Steve Terrell celebrates two new releases from The Waco Brothers
It’s been so long since The Waco Brothers released an album of new material I was beginning to wonder whether the standard-bearers of Bloodshot Records’ “insurgent country” were going the way of the Branch Davidians — without the spectacular finale. After all, since 2005’s Freedom and Weep, the only albums the group has released are a live record ( Waco Express: Live & Kickin’ at Schuba’s Tavern, Chicago) in 2008 and a collaboration with alternative country singer Paul Burch ( The Great
Chicago Fire) in 2012. But now t he good folks at Bloodshot have given us a double shot of Wacomania. In December came a limited-edition live album called Cabaret Showtime, and set for release later this month is Going Down in History, that long- awaited album of all-new material.
For the uninitiated, The Waco Brothers came to be in the early ’ 90s, forming in Chicago, where Jon Langford of The Mekons had settled. Most of his current bandmates — including fellow Brits Tracy Dear and Alan “Sprockets” Doughty plus Wisconsin native Dean Schlabowske (aka Deano Waco) — have been in t he Waco Brothers since the beginning. At first they were basically a Langford side project, gigging in Chicago and covering lots of classic country songs (“for free beer,” or so the legend goes).
Langford’s love for country music is sincere. As a Mekon, he helped facilitate the shotgun wedding of punk rock and country music with albums such as Fear and Whiskey and Honky Tonkin’, back in the 1980s. With The Wacos, he rocked the country far harder than The Mekons ever did while somehow remaining truer to the source material. And then Langford, Schlabowske, and t he others started writing all these great songs especially for The Waco Brothers. (Their original tunes are officially credited to the band, so it’s hard to determine who actually wrote what.) And when Chicago’s Bloodshot Records was born in 1994, The Wacos were a natural match. They rightfully remain the label’s f lagship band. The first thing I noticed about Going Down in
History is that the band is continuing the path of its last few studio albums, jettisoning many of its overt country touches. Steel guitarist Mark Durante has been gone for years now (and that’s a loss). And to be honest, unlike their earliest albums like — To the
Last Dead Cowboy and, especially, Cowboy in Flames, which whomped me over the head right off the bat, — it took a few listens for the new one to grow on me. But grow it did. The raw, muscular-but-melodic, roots-informed rock in the end is just hard to resist.
The opening cut, “DIYBYOB,” sung by Schlabowske, contains a clever twist on an old sea dog adage: “Sailors take warning, red eyes in the morning/ You can’t kill us, we’re already dead.” There’s a vague reference to national politics, which Deano instantly backs away from (“Move along, there’s nothing here to see”), while the refrain seems to speak of a failed relationship (“DIYBYOB, there’s nothing left ’tween you and me”). But by the last verse of the song, the singer proudly clings to the punk-rock ethos that still propels him: “On the day after the music died/ Can’t take all the credit, but we tried/ You can’t cut the power, you can’t turn out the lights/ We’ll keep the party goin’ through the night.”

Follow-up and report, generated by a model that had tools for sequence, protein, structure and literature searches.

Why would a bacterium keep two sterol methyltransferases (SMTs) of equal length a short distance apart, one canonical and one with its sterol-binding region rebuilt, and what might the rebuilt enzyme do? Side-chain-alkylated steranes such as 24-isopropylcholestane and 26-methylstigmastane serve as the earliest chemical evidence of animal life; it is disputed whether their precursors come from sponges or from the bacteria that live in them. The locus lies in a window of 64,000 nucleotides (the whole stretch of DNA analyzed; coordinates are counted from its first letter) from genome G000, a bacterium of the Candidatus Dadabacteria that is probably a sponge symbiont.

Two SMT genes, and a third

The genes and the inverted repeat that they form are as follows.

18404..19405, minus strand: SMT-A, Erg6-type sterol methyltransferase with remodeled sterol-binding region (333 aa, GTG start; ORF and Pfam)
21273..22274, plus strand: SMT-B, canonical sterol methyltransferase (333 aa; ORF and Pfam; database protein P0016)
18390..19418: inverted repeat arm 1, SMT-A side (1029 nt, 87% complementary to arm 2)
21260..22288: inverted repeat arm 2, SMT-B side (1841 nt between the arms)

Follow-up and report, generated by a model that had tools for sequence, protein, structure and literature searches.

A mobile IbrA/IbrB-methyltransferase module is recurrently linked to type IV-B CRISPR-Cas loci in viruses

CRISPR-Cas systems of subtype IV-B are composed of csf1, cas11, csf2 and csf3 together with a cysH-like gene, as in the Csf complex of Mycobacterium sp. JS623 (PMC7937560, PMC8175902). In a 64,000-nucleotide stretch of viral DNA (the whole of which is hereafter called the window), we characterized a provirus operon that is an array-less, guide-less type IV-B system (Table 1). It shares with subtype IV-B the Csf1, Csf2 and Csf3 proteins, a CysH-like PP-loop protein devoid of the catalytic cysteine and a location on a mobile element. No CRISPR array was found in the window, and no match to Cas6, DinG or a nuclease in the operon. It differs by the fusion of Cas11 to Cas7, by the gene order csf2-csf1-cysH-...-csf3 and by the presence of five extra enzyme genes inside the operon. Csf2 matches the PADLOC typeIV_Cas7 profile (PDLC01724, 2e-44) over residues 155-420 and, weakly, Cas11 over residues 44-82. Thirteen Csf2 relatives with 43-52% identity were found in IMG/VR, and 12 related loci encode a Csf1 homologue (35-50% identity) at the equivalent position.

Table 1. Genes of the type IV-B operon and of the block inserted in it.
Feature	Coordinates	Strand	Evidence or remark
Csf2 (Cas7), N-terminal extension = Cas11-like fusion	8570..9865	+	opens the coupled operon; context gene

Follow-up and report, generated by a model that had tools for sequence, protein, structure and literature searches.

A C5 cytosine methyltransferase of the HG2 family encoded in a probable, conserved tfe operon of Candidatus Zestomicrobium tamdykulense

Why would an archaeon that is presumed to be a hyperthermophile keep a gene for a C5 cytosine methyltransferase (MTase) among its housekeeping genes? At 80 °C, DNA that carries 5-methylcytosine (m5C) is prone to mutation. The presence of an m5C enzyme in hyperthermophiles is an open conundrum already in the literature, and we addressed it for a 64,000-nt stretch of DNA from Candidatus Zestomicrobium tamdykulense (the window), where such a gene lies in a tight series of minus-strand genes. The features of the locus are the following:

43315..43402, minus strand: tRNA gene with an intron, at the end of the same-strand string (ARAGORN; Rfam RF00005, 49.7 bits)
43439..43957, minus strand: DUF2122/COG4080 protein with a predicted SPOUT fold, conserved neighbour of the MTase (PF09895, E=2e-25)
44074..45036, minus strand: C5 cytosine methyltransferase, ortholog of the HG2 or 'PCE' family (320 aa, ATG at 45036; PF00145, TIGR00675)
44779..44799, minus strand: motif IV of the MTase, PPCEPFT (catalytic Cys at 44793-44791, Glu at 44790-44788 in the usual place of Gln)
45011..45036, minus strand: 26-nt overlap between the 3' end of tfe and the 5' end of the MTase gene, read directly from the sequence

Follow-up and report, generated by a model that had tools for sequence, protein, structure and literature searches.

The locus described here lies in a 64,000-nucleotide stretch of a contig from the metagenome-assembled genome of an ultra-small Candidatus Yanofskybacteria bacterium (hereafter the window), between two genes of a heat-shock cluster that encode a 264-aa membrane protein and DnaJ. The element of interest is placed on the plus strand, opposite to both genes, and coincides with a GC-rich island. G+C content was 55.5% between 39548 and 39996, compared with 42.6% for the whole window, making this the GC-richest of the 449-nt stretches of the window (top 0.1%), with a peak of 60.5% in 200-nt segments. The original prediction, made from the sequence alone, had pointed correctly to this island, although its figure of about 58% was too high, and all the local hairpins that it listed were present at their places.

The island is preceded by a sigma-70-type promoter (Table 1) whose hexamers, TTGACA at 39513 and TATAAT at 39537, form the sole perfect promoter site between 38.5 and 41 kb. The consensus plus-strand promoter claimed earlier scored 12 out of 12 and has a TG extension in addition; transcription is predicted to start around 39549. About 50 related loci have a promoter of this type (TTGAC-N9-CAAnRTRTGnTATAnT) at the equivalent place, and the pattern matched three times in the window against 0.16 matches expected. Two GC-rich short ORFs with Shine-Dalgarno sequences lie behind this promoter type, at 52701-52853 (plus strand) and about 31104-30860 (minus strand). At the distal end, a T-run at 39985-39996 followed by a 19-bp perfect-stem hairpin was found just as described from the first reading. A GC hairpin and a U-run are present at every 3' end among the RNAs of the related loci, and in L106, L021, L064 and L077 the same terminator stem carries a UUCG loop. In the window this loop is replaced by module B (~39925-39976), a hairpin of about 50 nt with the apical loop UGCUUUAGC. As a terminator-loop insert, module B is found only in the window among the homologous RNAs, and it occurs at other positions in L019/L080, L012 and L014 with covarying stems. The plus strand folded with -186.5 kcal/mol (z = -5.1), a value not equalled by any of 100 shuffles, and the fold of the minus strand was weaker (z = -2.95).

“We Know It” starts off with some foreboding, bluesy noodling but quickly turns into a hardcharging, almost paranoid rant by Langford: “We know it when we see it/ We know it when it calls/ We know it can’t be good for us/ We know we want it all.” One of the chief delights by Langford here is “Building Our Own Prison,” which takes a souped-up Bo Diddley beat and makes it more chaotic, while Langford sings about “big boxes” ringing the town, donating his shopping list to science, and nailing “my body to the temple door.” The Wacos do two cover songs on Going Down in
History. One is The Small Faces’ “All or Nothing,” which sounds as close to a soul ballad as you’re ever likely to hear from the band. (They dedicate t his to Faces’ keyboard man Ian McLagan, a friend of the band, who died in 2014.) And they end the album with a rocking version of Jon Dee Graham’s “The Orphan’s Song.” At the end of the song they playfully alter the refrain, turning “I will be your brother for the night” into “I’ll be your Waco Brother for tonight.” Sounds like a deal.
As for Cabaret Showtime, this is a lighter-hearted affair on which The Wacos romp through some of the great country tunes that inspired the group all those years ago: Buck Owens’ “Tiger by t he Tail,” Johnny Cash’s “Folsom Prison Blues” and “Wanted Man” (which was actually written by Bob Dylan), and Gram Parsons’ “Ooh Las Vegas” are all here. There’s even a country version of bluesman Jimmy Reed’s “Baby What You Want Me to Do” (which is called “You Got Me Running” here).
My personal favorite on this album is a fairly obscure George Jones song, “Girl at the End of the Bar.” Langford practically spits the lyrics (“She had so many hard knocks/ She don’t play the jukebox/ She’s lived all those sad songs firsthand”) just before he plays probably the prettiest guitar solos I’ve ever heard him play. But it’s not all hillbilly hijinks on
Cabaret. There are not one but two Waco-ized T. Rex covers (“Debora” and a garagey “20th Century Boy”). And — believe it or not — The Waco Brothers play Pink Floyd! It’s an instrumental called “Interstellar Overdrive,” which appeared on Floyd’s 1967 debut The Piper at the Gates of Dawn.
So no, this album isn’t for country purists. But purists have never been The Wacos’ top demographic target. Pre- order Going Down in History and buy
Cabaret Showtime at www.bloodshotrecords.com.